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When m’colleague Daniel Oliver and I came up with the idea of celebrating an era of British acting that straddled the 60s and 70s, we discussed just where this era would begin. Was there some moment in British cinema history where the old guard stepped down and a wave of new, brash talent took their places? At first, there didn’t seem to be because the likes of Julie Christie, Charlotte Rampling, Terence Stamp and Tom Courtney had already laid the groundwork for the young acting talent that followed in the early 60s. Did the new, liberated Sixties style of film making start with “Darling” or “Billy Liar”? In part, yes, but there was still a grainy black and white, kitchen sink feel to those movies and the up and comers had to pit their skills against the establishment actors.

What we were looking for was a film that had shed the post war Rank charm school style or the kitchen sink look that had predominated after WW2 and instead embraced colour and a new hipness. A film that would feature the Flare Players as central characters without reference to what had gone before them. In short, a revolution not an evolution.

And we found one. An obvious one, really: BLOW UP.


“Blow Up” features a bevvy of our Flare Players, many of whom were making their screen debuts. Not one member of the cast who had a speaking part was over 30 when it was made. It’s not an examination of youth versus establishment; in “Blow Up”, the under 30s are the establishment. The characters are, for the most part when we meet them, on top of their game, well established in their professional and social lives and have no need to butt heads and ideas with an older guard. There was also no need to introduce well known British stars into this movie because they were redundant for its purposes.

The lead role of Thomas could have gone to Terence Stamp, already an established star and soon to be icon but, for whatever reason, it didn’t and the plum role went to an actor you would have only known if you had an interest in the operas of Benjamin Britten in the 1950s and spotted a talented schoolboy singer called David Hemmings.


Vanessa Redgrave, playing the other major role of Jane, was established as an actress and coming from a famous acting dynasty certainly helped establish her with an audience but at 28, her career trajectory was still in the early stages of ascendency. The other significant roles were played by the kinds of actors who would effortlessly steal scenes and command your attention over the next 15 years: John Castle, Sarah Miles and a pre-telly cad Peter Bowles. None of them had done much beforehand except a few TV roles and the rounds of British theatre but “Blow Up” represented, for them, a chance to imprint themselves on a wider audience in a movie that was always destined to be a cultural icon.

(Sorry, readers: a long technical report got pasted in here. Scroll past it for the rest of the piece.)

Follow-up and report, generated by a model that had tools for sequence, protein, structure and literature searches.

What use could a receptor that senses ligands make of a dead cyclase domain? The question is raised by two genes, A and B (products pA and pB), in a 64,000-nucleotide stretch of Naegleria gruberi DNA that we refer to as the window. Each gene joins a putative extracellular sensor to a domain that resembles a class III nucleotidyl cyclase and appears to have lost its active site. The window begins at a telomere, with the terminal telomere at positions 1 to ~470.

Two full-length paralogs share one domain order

The rest of the cast mixes up an even younger generation of Flare Players (Jane Birkin & Gillian Hills) with famous models of the Sixties (Peggy Moffitt & Verushka) and the you-don’t-know-it-yet-but-they’ll-be-famous-one-day Janet Street-Porter and Michael Palin as extras in the nightclub scene. “Blow Up”, despite its youthful cast, combines a mix of the Sixties Zeitgeist mixed with a heavy dose of cynisism and jadedness and it’s a tribute to the cast that, despite their relative inexperience, they are able to convey all that convincingly. The Swinging Sixties has only just started, and already they look bored and worn out by it all.

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“Blow Up” asks a lot from these performers, and not just with the liberal amount of nudity and toplessness on show (a first for a mainstream British movie), but to simultaneously revel in, and then shrug off, the morals of the day. It’s ground breaking stuff, to be sure, and maybe only a cast with only nascent careers to lose could carry it off convincingly. “Blow Up”, a movie sparse on dialogue, requires more physical presence from the actors; not something you usually associate with British acting, but there it is from Hemmings’ prominent eyes and decadent mouth, to Redgrave’s tight lipped unease, Miles’ seductive half-smiles and Jane Birkin and Gillian Hills scampering around rolls of paper in their tights. And for good measure, the movie is book-ended by mimes.

“Blow Up” is not a movie that would have come from the minds of British film-makers at that time. It may, a few years later, have come about but re-made as a sex comedy. No, it took an Italian, with Spanish and Italian writers, to see something in the British youth culture of 1966 that wouldn’t shy away from sex, drugs, nudity, fashion and exploitation but equally it took a new generation of British actors to realise that Continental vision.

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As quickly as Michaelangelo Antonioni and his crew arrived to give London in The Swinging Sixties its own movie, they left leaving behind a blueprint for mod-culture films following in its wake. As important as that was the unleashing of the next wave of British film and TV stars. Producers would now turn to these young, with-it faces over the next 15 years with varying success (but seldom because of bad acting) until another movie, it too a landmark British production, would ring in the next set of big changes and produce a new era of British acting. That movie would be “Chariots of Fire” and that’s another story.

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